… a witness is to be placed under oath if the court believes this is mandated in light of the significance of the testimony, or in order to procure a truthful statement, provided that the parties to the dispute do not waive having the witness placed under oath.

At first glance, this reads as if most witnesses in a German civil procedure will be put under oath, especially if the judge has doubts about the truthfulness of the witness. Strangely, the opposite is true. Hardly any witnesses are put under oath (vereidigt). Not even when the judge believes that the witness has just lied to the court. This is due to statistical evidence and psychological studies which show that once a witness has begun to lie in court, he or she will almost never turn around and admit that they have been untruthful. Instead, they will stick to their story, even if it is clear to everyone in the court room that the testimony cannot be true and even if the judge thus threatens to put the witness under oath (which can be done after the testimony), which would raise the criminal charge from a simple “false testimony” (uneidliche Falschaussage according to s. 153 German Penal Code) to a felony charge (Verbrechen) of “perjury / lying under oath” (Meineid, s. 154 German Penal Code), the minimum sentence for which is one year in prison.

Never say never

Now, even if the majority of German civil judges tend to be unwilling to demand a witness to swear an oath, not all judges are the same. And, sometimes, even an otherwise laid back German judge can get angry if the witness tries to play the court for a fool too obviously. Thus, a smart trial lawyer can get the judge to make an exception to the “no oath practice”. An often successful strategy for this is to ask the court to summon the same witness again at a later date to question that witness about other aspects of the case or about new facts which came to light through the (false) witness testimony. At the same time, the court is asked to inform the witness that he or she will then be put under oath. That way, the witness has a few weeks to consider the situation and think about the consequences of keeping up the false statement. In my experience, the chances of the witness starting to backpedal are much higher if you give them some time to reconsider.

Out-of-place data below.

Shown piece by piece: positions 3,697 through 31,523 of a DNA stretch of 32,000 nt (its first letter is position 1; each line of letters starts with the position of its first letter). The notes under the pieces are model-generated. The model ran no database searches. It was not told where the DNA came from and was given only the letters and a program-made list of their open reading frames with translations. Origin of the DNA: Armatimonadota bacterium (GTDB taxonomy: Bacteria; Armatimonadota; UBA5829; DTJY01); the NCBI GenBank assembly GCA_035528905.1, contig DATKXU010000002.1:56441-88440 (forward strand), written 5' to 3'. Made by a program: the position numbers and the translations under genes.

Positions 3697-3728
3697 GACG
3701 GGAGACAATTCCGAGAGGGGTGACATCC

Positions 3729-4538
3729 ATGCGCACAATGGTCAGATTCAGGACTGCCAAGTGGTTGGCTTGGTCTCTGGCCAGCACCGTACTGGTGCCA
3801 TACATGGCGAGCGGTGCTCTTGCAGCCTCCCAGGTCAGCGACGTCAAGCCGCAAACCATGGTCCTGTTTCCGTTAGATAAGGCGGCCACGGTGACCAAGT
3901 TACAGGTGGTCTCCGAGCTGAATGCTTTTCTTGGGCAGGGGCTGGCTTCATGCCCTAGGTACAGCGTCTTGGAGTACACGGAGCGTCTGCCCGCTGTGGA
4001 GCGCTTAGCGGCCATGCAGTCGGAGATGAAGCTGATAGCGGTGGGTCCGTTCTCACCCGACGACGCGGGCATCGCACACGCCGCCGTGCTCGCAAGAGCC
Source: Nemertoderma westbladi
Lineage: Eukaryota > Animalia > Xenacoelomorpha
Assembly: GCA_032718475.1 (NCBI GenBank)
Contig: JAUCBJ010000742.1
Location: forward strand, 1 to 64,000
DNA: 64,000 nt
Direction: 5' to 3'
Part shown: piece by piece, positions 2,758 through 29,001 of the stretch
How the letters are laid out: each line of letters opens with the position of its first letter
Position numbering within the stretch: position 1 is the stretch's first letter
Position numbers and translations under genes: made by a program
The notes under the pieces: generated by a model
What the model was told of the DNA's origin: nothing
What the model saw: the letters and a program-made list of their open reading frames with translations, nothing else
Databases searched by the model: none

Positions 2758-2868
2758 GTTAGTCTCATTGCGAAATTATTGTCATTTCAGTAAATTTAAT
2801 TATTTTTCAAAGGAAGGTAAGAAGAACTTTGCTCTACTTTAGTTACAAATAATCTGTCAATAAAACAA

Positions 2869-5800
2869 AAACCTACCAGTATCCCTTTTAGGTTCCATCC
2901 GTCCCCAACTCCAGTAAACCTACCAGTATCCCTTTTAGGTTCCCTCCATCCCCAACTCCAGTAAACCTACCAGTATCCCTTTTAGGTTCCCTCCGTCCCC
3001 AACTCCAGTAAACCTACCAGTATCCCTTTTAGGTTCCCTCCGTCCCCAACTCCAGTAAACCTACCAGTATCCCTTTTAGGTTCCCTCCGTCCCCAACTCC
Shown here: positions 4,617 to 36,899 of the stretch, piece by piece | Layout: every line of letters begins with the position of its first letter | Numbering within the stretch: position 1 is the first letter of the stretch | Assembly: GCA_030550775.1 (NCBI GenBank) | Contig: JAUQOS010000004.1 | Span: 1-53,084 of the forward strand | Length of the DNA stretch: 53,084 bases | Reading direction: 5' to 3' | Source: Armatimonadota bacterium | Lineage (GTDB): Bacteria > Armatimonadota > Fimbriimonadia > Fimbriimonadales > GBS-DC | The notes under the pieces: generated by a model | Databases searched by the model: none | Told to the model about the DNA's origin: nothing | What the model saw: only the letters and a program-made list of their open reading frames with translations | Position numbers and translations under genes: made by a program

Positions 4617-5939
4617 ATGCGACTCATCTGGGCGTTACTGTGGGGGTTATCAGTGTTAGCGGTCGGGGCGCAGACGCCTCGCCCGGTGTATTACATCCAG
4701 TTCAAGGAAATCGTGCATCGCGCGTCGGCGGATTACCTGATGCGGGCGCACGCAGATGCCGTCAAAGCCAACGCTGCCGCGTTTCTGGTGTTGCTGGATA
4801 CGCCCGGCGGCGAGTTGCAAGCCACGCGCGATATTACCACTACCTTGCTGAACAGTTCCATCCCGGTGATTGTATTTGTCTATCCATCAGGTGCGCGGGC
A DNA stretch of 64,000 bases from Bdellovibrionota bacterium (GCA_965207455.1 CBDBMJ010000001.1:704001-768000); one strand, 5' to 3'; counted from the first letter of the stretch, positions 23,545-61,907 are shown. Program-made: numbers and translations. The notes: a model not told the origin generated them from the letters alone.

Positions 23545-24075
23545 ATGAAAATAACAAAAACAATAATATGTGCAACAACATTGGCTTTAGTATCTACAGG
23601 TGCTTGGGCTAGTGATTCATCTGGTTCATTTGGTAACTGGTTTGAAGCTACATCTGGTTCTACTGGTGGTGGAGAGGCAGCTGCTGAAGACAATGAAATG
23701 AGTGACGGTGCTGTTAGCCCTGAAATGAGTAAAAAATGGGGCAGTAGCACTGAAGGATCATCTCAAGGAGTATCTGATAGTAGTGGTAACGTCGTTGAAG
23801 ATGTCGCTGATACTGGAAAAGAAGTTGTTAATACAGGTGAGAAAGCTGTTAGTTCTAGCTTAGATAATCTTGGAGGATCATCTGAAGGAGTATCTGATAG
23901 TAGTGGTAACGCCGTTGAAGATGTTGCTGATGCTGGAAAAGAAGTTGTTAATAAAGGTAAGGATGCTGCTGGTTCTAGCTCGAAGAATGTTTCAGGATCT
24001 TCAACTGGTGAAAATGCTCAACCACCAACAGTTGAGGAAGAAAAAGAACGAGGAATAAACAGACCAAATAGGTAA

If the witness still keeps on lying, this is, of course, not without consequences, even under German law. If proven, the false statement is punished under s. 153 German Penal Code as “undeidliche Falschaussage”. Furthermore, the party that loses the German civil lawsuit can sue the lying witness for damages based on tort (e.g. in the form of accessory to fraud). Depending on the circumstances, lying in court can also constitute other criminal offences under German law (e.g. libel, slander etc.).

Practical Court Room Advice

Whenever you think it possible that a witness in German civil case may lie in the oral hearing, you should diligently prepare a strategy for that scenario. Collect factual evidence for you own version of events to prove the witness wrong. Then, in the actual court hearing, let the witness tell his or her story without interrupting right away. Do not immediately show to the witness that you know he or she is lying. That only makes the witness wary and more careful. Instead, use what I like to call an “Inspector Columbo” approach, i.e. let the witness finish their version with as much detail as possible. Then raise certain issues which do not fit in his or her story. One by one and very calmly. Only at the very end of the witness questioning you might want to make it clear that you consider the witness an outright liar. Depending on the reaction of the witness, you may get the court to demand the witness swearing an oath after all.

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For legal advice on German civil procedure and how to successfully litigate in Germany, contact the international litigation experts and trial lawyers of GrafLegal.